The blue light glare of a computer screen stimulates the brain and makes it harder to fall asleep. If you must work late in front of a screen, consider investing in a pair of blue light glasses. According to a 2017 study by The University of Houston, they can increase melatonin production by 58%.

I also like leaving an alarm in a different bedroom from where I sleep. When an alarm goes off first thing, I have to get out of bed and go into the other room to turn it off. The act of moving makes it harder to press the snooze button or roll over and go back to sleep. The simple act of moving will mitigate feeling groggy too.

I sometimes set a second quieter alarm clock in the bedroom to avoid waking others up. After a few days, your body will begin to adjust to this new routine and it should become easier to fall asleep and wake up in the morning.

6. Use Caffeine… Sparingly

A cup of coffee in the morning can jumpstart your day better than any energy drink. It’s tempting to start consuming more coffee when you first start waking early. However, avoid drinking multiple cups of coffee throughout the day, as you’ll find it harder to sleep.

If you drink coffee in the afternoon, trace amounts of caffeine will stay in your system until well into the late night and impact sleep quality. Switch to low-caffeine or caffeine-free drinks after mid-day. If you need to restore energy levels, take a 20-minute nap at lunch, at least until your body adapts.

7. Get Into a State of Creative Flow

Investing in a set of noise-cancelling headphones is a fantastic way of enjoying a writing session, particularly one at dawn. You can use it to listen to ambient or lyric-free music, which will help you get into a state of creative flow faster. In that state, all sense of time and effort fades away and it becomes easier to write a difficult first draft. You’re far more likely to do your best writing in this mental state.

For help finding this type of lyric-free music, check out the Flow State Substaack newsletter. Headphones (or earplugs if you’re on a budget) will also block out distractions like other people getting up and going about their day.

8. Track Your Progress

It’s easier to create a good habit if you know what works and doesn’t and how close you are to realizing this habit. Don’t beat yourself up if you miss a day on your new early morning schedule.

For the first few weeks, I recorded when I got up, how long I slept, and when I went to bed. I found out that checking email and social media late at night is bad because I find it hard to sleep afterwards.

I recommend using Jerry Seinfeld’s Don’t Break the Chain system. It’s a good habit formation strategy that anyone can easily apply. Each day you wake up early, mark an X through today’s date. Your job is to build a chain of Xs and avoid breaking this chain. For more, check out our writing productivity guide.

The Final Word On Early Morning Writing Habit

Many writers wake up early because their mornings are usually distraction-free and quiet. These hours are also ideal for working on creative projects like a book, a blog or writing morning pages.

You don’t need to be an early bird to start waking up at dawn. It takes practice and some self-discipline. Maintaining consistent circadian rhythms helps. A circadian rhythm refers to your sleeping and waking cycle. Consistent early morning risers go to bed and rise at the same time every day, including at the weekends.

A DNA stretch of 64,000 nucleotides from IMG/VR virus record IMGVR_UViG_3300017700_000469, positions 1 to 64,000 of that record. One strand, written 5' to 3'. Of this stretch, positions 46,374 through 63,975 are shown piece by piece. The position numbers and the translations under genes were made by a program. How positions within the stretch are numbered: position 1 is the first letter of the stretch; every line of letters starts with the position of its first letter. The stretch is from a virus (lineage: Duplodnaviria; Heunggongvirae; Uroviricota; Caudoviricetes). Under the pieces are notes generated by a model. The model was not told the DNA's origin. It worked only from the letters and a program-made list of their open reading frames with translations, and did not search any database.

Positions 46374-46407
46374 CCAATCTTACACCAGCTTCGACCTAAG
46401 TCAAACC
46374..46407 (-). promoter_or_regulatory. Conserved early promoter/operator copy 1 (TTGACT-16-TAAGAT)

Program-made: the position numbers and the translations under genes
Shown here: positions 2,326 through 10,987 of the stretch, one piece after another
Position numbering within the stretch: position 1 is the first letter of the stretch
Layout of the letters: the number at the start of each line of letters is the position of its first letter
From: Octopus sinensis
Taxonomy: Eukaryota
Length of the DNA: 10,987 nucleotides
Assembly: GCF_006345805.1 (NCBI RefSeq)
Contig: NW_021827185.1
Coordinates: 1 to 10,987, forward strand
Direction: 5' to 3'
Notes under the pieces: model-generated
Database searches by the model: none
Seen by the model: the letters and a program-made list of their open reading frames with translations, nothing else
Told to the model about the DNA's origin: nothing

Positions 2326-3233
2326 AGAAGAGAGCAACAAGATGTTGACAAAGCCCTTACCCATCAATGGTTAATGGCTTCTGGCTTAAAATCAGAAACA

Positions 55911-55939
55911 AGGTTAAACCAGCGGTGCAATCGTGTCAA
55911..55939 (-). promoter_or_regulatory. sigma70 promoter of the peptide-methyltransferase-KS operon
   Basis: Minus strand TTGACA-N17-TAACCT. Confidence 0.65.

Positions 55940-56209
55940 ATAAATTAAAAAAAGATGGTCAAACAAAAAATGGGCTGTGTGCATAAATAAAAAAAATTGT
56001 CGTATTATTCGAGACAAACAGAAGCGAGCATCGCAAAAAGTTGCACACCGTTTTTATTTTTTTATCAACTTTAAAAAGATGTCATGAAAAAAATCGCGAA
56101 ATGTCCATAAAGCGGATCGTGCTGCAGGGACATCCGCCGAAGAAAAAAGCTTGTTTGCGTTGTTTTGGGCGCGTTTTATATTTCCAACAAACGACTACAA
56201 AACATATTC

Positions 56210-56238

My morning routine varies. I don’t get up early every day, 365 days a year. I sleep late at least one day at the weekend, and there are times when it’s not possible or practical to get up at six AM because of the demands of the previous day.

I accept these days for what they are (a time to rest or sleep) instead of seeing them as setbacks on my journey towards creating an ideal morning writing routine. It takes a little time to shift a sleep cycle from working and rising late to rising early.

I told a friend once when you find writing time in the morning, “you give the best of yourself to yourself.” He laughed. I know this sounds ridiculous, but it’s harder to work on what matters if you’re feeling physically and mentally exhausted from work or day-to-day life.

But what if you are more creative at night? If you’re happy with your late-night writing process, stick with what works. Tharp sums this up in her book, The Creative Habit.

“In the end, there is no ideal condition for creativity. What works for one person is useless for another. The only criterion is this: Make it easy on yourself.”

Writing in the Morning FAQs

How can I force myself to wake up early?

During the day avoid caffeine. Stop working in front of a screen after your evening meal. If possible, go to bed at a reasonable hour and read for a little bit, ideally a paperback. Lay out your clothes and set an alarm in a different room from where you sleep. The first morning will feel challenging, but rising early will become more natural after a few days.

Is it good to wake up early?

If you want more time to work, meditate, exercise, write or work on personal projects that cultivate your well-being, waking up early is a good habit to create. You’ll have more free time to work on what matters rather than other people’s priorities. Waking up early also means you’re more likely to feel energised and fresh.

Is writing in the morning good?

Writing in the morning is good because that time of the day is usually quieter and free of distractions. Prolific early morning writers often say they can get their best work done before lunch as they have more physical and mental energy. It’s also an ideal writing time if you’re balancing the creative process with a full-time job.

What should I write every morning?

Deciding what to write every morning depends on whether you’re a blogger, podcaster, author, or freelance writer. Usually, it’s a good idea to work on your most important creative project and hit a target word count or milestone for the day. That way, you’ll accomplish the hardest task of the day first thing. You could also try writing early morning pages, whereby you engage in long-form stream of consciousness writing by hand.

  • Bryan Collins is the owner of Become a Writer Today. He's an author from Ireland who helps writers build authority and earn a living from their creative work. He's also a former Forbes columnist and his work has appeared in publications like Lifehacker and Fast Company.